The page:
However, as you value your freedom, you really don't have much choice but to do as the Timelords request. At least they gave you the coordinates for Karn, but you did notice that they refused to give you return coordinates for Gallifrey, saying you'd recieve them once you'd procured the brain. So much for Gallifreyan hospitality...

Your thoughts are interrupted as you hear a familiar thud. The TARDIS has landed on Karn

Type-in game

Background, I, Remove jacket then drop it, Remove hat then drop it, Remove scarf, Drop yo-yo, key, (you can "Play with yo-yo" to check gravity if you want), E, Open door, S, Get toolkit then open it, Get screwdriver, homing

X homing then turn it on (notice that the homing device is gold coloured), Open cupboard, Get pouch then open it, Put pouch in toolkit, N, W, X scanner, Pull lever, W

NW, NE, E, U, Search ruins, Get scalpel then put it in toolkit, D, NE, NW, W, X creature, X globe, E, SE, SW, W, SW, SE, E, SE, E, N, (Read sign), save (s10)

Climb scarf, (if you fall off before you are done then UNDO or restore the game), Open hatch with screwdriver, Get battery, Put homing in hatch, Close hatch, D, Put screwdriver in toolkit, Get battery, NW, X tree then climb it. Get branch, W, W, SW, W, SW, SE, E, SE, E,
Fill battery, N, Get scarf, S (you could leave the scarf if you wanted), W, NW, W

Enter Tardis, Drop scarf, E, E, Get match then put it in toolkit, N, X K9, Put battery in panel, Close panel, S, W, W, save (s35)

X console, Open drawer then get link, Ask K9 about K9, K9, follow me, W, K9, shoot boulder, Get stone, W, Get firework then put it in toolkit, S, Open tapestry, W (I wonder what Ohica and the sisterhood would do to you if they found you), Put link in chalice, Open shield, Put stone in fire, Close shield, , Get link then close it, E, Close tapestry, N, E, save (s50)

NW, W, S, E, Push boulder, Jam branch under boulder, Pull branch, Get branch, W, N, E, SE, K9, follow me, Enter Tardis, Put link in drawer then close drawer, X console, X slot, Get brown then drop it (remember the colour of the homing device?), Get gold then put it in slot, save (s55)

(Wait until the flying saucer takes off) (The flying saucer will sometimes not take off. This appears to be a program bug that depends on when and how you first visited the saucer. If this happens then try to change your actions in the beginning of the game)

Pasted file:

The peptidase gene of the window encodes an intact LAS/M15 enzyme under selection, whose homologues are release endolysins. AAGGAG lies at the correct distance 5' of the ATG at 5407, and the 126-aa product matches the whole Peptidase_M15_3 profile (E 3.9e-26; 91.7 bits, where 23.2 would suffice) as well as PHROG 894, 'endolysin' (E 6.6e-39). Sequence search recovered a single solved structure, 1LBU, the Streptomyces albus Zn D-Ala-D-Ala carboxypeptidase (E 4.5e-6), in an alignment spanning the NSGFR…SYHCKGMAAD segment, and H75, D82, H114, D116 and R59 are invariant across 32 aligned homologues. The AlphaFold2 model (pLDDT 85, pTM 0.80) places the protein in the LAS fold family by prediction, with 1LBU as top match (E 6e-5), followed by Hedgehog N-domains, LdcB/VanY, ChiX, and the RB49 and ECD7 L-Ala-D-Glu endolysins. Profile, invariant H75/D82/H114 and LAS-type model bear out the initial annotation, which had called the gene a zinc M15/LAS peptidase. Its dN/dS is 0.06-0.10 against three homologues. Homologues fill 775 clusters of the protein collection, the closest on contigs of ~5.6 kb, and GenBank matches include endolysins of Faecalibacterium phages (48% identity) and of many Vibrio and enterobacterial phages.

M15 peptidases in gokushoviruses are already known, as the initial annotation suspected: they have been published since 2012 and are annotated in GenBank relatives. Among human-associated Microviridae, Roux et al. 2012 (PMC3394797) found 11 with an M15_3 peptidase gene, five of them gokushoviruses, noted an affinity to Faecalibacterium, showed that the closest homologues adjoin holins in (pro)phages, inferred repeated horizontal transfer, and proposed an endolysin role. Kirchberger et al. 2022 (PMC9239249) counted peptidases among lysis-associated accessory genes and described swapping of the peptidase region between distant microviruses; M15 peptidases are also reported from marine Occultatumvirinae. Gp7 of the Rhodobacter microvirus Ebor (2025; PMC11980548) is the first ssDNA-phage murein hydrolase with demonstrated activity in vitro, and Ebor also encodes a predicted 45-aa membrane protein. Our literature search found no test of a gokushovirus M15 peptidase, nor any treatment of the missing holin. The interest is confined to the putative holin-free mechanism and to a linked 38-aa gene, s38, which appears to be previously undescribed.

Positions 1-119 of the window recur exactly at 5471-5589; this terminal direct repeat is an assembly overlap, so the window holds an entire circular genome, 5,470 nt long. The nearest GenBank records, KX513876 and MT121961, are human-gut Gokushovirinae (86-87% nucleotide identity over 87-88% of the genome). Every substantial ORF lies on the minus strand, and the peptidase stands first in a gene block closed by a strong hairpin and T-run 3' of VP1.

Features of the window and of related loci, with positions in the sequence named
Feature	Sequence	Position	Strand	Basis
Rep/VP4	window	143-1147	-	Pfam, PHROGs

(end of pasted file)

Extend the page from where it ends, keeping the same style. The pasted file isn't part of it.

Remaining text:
Pull lever, Push button, X scanner, Pull lever, Get gold then put it in toolkit, K9, follow me, W, Open hatch, Get torch, mine, Put all in toolkit, save (s56)

N, W, Ask K9 about door, X bubble (blue means active), Drop mine, branch, E, S, D, Turn on torch (torch lasts about 68 moves), NW, X plate, Open catch, NE, N, Open hatch, Turn off torch, U, E, S, save (s57)

Open door, E (well, the homing device certainly worked), W, Close door then turn wheel, X bubble (green means safe)(the lever controls the bay doors the button controls the air) Pull lever (red means danger), Pull lever, Push button, Turn wheel then open door, E. Open hatch, D, Turn on torch, N, W, X plate (you can open this if you want to), NW, Open hatch, U, Open door, Turn off torch, X left screen, Push left button, X right screen, Push right button (you just turned off the hall security system), E, S, S, S, E, W, W, W (you should fall into the shaft), Get screwdriver, scalpel, Unlock box with screwdriver then open box, save (s65)

Look up Cut <colour> with scalpel, Look up (the bubble will be yellow when the alarm is inactive if you did not cut the right colour then RESTORE and try another colour)

(remember the colour that you cut), Turn on torch, Close plate, SE, Turn off torch, Put all in toolkit, U, K9, follow me, N, W, Ask K9 about door, (yellow means inactive), K9, shoot door (10/75), W, save (s75)